I return again this week to Bujold’s 13th book in the Vorkosigan series to talk about how a description can orient both the new reader and the long-time fan to the new book.

This is often a problem in series: the old fan wants more and now, with just a few reminders. I think a lot of new readers also only want a few reminders of the setting and characters – they are eager to meet these new people and find out what they are going to do. But the new readers do need a handshake.

On about page three (sample chapters from Baen Publishing), we find this detailed description of Miles, who is Continue reading

Michaeline: Description: Part Two

 

Description can be a spark that sets off fireworks in the body. (Positive discharge, via Wikimedia Commons)

Description can be a spark that sets off fireworks in the body. (Positive discharge, via Wikimedia Commons)

One thing you should know about me: I enjoy being a devil’s advocate. I am proud that I have an open mind and that I try to look on all sides of an issue. I like sitting on the fence. And this causes me a lot of problems as a writer, because instead of “picking a lane”, I tend to wander around and check out too many things. But at least it produces a blog post for today.

So, anyway, last week I told you how I found Jane Austen to have rather sparse description, and she’s super-famous, so it must be all right, right? This week, I’m going to turn around and look at the descriptions that appear in one of my other favorite books, A Civil Campaign by Lois McMaster Bujold. (link is to sample chapters from the publisher, Baen Books)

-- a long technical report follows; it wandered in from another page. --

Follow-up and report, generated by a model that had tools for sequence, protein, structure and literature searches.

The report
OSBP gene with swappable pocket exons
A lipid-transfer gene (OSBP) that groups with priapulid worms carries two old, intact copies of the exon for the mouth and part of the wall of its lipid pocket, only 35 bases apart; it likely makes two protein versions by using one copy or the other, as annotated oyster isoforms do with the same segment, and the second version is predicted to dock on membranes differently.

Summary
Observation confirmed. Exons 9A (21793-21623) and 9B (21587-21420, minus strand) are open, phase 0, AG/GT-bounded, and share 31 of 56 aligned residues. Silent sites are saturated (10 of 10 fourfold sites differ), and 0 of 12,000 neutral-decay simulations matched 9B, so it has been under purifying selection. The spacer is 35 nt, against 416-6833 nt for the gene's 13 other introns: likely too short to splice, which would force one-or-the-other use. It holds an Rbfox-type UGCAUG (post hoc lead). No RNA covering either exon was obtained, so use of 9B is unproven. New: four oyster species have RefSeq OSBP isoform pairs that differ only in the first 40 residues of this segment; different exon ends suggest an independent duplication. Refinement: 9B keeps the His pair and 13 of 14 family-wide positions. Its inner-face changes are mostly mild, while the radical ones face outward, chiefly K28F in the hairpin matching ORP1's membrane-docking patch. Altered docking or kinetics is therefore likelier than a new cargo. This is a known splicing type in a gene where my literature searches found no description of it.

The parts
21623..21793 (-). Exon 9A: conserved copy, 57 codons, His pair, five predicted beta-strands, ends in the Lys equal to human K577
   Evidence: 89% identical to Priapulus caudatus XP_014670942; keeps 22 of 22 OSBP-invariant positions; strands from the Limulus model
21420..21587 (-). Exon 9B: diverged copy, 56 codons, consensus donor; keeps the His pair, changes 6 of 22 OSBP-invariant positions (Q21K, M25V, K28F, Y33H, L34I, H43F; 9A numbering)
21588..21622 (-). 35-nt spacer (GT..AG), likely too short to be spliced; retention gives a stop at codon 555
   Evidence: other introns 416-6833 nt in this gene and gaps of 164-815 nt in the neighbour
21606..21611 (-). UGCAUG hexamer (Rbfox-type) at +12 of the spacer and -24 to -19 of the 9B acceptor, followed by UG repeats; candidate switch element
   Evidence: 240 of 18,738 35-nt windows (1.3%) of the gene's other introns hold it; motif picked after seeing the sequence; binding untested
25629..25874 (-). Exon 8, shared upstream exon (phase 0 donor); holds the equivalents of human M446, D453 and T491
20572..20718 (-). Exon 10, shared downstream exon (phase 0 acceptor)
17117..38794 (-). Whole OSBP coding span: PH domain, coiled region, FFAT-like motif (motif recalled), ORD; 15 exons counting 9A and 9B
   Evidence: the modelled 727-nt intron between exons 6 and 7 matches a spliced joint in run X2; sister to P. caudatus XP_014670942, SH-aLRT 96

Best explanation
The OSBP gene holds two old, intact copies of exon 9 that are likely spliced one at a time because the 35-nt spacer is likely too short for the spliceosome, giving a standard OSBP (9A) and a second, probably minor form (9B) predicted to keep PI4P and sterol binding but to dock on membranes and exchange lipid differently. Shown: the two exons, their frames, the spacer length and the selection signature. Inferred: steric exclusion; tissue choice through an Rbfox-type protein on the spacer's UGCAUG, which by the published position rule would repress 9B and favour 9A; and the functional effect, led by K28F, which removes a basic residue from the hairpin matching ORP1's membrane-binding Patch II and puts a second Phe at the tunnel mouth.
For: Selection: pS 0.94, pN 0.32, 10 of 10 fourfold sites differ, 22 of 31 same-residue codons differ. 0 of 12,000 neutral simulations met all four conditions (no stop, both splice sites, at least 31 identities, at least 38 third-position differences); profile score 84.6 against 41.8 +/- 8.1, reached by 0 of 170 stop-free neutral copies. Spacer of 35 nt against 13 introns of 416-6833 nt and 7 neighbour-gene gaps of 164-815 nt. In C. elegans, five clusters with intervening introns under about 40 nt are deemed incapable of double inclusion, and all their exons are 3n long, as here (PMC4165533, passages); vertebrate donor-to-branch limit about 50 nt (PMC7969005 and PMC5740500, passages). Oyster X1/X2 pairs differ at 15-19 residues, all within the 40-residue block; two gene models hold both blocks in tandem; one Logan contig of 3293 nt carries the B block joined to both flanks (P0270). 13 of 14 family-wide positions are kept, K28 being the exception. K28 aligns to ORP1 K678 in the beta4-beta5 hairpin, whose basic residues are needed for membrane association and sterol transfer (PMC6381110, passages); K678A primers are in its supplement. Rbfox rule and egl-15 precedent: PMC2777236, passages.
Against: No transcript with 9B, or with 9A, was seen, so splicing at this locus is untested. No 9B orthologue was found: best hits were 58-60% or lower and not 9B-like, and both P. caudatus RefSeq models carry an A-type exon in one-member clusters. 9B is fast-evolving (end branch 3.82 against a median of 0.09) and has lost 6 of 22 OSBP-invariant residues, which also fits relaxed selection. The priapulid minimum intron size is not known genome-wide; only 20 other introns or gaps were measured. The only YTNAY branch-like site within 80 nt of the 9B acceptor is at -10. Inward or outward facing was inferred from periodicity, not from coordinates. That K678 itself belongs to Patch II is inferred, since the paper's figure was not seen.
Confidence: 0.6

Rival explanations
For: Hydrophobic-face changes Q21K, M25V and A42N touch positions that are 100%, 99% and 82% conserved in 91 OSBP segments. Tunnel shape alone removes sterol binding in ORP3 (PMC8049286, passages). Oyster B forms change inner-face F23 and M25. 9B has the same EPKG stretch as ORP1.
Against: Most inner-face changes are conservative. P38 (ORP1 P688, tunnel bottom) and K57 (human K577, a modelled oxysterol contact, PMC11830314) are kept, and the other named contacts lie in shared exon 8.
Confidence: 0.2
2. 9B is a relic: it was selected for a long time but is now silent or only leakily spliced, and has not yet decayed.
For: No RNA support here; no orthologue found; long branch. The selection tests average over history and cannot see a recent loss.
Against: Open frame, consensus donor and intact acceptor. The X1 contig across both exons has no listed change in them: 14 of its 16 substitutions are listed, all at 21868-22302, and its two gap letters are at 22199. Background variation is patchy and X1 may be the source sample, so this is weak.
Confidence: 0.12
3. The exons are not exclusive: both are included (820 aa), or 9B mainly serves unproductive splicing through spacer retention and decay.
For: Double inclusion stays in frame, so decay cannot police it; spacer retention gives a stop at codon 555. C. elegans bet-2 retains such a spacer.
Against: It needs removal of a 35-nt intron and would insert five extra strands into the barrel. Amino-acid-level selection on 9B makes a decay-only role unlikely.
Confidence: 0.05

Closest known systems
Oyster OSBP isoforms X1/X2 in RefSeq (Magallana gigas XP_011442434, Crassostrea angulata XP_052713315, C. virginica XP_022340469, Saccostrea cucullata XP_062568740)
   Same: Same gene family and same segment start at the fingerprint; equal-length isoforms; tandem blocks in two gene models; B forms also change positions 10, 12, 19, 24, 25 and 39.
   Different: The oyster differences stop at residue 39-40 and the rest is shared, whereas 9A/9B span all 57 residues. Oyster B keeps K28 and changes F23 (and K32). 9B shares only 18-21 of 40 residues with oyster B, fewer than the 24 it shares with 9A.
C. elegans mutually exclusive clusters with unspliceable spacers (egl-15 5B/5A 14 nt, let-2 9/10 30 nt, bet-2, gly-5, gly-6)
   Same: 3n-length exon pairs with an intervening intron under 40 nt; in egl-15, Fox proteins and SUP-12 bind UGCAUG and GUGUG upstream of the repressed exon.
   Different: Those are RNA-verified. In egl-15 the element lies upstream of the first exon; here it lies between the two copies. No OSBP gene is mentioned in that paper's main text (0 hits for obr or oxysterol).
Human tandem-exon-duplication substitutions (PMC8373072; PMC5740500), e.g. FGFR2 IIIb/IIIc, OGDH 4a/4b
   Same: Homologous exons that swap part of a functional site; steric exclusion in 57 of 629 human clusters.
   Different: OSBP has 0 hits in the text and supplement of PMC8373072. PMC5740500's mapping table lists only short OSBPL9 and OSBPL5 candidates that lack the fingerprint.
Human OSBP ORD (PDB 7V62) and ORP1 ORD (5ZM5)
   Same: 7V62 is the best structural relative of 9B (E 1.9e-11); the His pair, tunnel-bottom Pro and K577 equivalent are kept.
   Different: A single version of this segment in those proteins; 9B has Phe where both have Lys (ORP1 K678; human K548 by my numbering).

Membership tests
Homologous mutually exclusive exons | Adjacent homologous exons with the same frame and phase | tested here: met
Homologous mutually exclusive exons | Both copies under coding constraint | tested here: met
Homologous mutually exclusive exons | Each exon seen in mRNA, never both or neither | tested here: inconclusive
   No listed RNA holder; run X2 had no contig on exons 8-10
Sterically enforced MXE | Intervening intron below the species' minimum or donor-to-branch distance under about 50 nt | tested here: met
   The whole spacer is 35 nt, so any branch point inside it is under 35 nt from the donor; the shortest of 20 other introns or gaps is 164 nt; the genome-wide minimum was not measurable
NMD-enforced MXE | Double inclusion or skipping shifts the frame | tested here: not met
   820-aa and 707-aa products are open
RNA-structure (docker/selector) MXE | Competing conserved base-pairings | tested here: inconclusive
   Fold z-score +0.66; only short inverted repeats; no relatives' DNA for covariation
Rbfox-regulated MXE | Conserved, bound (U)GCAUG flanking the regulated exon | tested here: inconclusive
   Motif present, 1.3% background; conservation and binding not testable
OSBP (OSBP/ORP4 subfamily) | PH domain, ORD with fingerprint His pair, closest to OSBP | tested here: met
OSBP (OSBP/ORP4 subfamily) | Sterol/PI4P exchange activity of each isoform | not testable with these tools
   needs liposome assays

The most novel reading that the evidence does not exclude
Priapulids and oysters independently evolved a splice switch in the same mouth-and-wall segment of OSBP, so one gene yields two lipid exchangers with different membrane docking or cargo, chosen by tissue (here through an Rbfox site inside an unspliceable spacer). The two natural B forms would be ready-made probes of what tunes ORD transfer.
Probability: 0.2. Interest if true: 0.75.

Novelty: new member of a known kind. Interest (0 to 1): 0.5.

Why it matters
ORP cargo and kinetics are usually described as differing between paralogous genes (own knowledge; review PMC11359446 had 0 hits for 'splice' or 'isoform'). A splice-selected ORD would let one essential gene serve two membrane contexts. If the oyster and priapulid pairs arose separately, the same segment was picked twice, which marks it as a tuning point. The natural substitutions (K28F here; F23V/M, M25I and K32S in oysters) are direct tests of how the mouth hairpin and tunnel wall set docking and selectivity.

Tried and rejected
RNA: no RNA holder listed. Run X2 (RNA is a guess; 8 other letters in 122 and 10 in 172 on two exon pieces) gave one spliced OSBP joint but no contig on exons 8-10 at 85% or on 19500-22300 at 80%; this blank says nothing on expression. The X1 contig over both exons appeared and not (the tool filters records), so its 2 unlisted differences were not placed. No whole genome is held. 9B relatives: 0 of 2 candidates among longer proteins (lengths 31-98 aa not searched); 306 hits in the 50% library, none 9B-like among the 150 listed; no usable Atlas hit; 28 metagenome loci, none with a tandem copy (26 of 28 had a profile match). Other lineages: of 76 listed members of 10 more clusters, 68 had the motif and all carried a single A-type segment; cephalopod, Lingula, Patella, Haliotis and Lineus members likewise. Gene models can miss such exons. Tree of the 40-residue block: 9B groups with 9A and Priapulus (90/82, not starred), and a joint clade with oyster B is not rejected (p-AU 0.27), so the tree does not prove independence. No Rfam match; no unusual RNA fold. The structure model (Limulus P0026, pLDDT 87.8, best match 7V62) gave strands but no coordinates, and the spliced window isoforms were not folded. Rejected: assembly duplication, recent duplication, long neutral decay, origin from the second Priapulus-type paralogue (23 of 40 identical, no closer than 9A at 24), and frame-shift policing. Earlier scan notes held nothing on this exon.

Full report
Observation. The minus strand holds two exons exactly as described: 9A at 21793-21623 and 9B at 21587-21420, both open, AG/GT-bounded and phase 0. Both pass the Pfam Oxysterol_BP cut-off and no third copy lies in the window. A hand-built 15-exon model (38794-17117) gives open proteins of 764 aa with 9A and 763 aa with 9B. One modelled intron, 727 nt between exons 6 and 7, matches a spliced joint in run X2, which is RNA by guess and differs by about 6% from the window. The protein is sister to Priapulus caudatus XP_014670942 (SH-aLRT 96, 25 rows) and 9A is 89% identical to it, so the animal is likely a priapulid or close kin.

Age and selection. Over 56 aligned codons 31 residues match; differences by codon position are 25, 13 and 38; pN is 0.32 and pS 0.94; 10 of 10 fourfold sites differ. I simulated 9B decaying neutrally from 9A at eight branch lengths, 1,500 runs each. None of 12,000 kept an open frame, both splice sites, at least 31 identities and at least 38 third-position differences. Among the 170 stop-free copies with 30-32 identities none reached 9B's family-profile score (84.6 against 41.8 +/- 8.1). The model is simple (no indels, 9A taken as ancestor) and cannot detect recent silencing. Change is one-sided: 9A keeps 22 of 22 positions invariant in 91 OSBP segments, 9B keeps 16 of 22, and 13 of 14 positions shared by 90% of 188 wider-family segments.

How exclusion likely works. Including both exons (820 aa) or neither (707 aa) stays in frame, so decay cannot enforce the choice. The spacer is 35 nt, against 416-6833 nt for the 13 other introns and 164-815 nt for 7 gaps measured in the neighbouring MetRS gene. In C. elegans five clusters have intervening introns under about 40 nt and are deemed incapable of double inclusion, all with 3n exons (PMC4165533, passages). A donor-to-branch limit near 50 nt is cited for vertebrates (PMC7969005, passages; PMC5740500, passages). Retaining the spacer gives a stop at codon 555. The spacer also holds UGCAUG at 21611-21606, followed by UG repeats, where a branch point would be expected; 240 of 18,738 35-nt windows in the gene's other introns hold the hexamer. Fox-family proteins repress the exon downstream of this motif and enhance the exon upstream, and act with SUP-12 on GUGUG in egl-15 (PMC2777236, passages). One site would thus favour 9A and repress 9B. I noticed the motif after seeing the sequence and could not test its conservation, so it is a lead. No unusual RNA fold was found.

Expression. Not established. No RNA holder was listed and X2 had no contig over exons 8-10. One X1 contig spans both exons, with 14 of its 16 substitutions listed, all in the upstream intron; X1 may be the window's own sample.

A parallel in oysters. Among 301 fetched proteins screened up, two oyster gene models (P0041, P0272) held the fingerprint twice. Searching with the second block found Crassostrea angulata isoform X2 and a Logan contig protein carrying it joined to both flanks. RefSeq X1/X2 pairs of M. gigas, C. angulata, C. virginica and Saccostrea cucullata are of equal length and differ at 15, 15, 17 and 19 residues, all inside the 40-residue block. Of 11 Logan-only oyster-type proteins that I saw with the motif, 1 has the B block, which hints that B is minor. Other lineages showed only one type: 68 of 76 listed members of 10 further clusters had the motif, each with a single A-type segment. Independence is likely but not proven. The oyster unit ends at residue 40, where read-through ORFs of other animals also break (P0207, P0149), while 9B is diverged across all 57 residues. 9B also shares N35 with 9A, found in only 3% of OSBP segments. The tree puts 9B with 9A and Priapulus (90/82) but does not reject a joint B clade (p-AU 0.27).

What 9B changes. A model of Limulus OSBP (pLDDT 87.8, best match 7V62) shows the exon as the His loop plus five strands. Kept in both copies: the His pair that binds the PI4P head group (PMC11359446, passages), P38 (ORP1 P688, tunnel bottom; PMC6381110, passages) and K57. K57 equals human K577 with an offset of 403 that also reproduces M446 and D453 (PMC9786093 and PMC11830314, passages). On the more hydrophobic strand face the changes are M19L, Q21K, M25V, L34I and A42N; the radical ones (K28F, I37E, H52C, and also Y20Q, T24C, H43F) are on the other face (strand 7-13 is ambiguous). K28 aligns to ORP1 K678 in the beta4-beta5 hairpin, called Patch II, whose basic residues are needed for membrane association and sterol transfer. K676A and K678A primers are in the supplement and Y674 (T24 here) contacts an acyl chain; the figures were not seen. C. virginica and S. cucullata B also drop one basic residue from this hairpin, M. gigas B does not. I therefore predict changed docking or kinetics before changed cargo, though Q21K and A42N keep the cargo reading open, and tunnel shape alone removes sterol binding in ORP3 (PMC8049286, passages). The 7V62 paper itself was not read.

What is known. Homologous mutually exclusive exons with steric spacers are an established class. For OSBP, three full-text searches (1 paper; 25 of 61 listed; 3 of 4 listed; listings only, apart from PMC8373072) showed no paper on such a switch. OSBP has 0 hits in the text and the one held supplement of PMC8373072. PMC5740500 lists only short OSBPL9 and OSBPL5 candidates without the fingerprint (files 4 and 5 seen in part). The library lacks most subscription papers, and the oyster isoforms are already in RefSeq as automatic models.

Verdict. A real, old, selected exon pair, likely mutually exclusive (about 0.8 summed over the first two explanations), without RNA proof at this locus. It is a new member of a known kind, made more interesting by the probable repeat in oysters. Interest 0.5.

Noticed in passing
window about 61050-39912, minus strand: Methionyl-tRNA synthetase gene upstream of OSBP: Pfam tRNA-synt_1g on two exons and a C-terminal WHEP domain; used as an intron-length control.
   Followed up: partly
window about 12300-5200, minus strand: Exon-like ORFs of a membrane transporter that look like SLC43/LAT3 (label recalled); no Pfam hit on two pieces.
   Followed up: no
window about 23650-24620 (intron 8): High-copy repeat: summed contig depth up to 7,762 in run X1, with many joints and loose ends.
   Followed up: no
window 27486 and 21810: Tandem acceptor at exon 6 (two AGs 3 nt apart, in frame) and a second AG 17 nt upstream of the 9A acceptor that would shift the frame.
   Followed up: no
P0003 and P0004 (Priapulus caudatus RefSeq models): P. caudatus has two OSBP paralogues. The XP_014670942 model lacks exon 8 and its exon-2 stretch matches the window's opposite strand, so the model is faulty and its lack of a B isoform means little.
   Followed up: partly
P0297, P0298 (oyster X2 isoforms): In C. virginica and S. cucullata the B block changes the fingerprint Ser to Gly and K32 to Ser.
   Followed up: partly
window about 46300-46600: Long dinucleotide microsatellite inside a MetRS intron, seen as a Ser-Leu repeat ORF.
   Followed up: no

A Civil Campaign is the 13th book in the Vorkosigan series, and our hero, Miles Vorkosigan, is courting a woman for the very first time. In past books, Continue reading

Michaeline: Description, Part One

line-drawing of a horse in the Japanese style

A horse is a horse, of course. But how much detail do we really need to be able to see a horse? (Via Wikimedia Commons)

I am wrestling with description this week, and will probably be doing so for much of next month (and perhaps for the rest of my writing life).

Description boils down to the very simple fact that you have to get images out of your head, and transfer them into your readers’ heads. Some writers are quite particular about drawing word pictures, and they want the reader to see almost exactly what they see (a bit quixotic, if you ask me).

Others, on the other hand, concentrate on getting the images out of their own heads, purging them, if you will, by writing them. They may not care if the writer’s image and the reader’s image match exactly. They should care, however, about whether or not  Continue reading

Elizabeth: Horsing Around

Centella in Action © 2015 Photo by Scott

Centella in Action © 2015 Photo by Scott

No, not that kind of horsing around.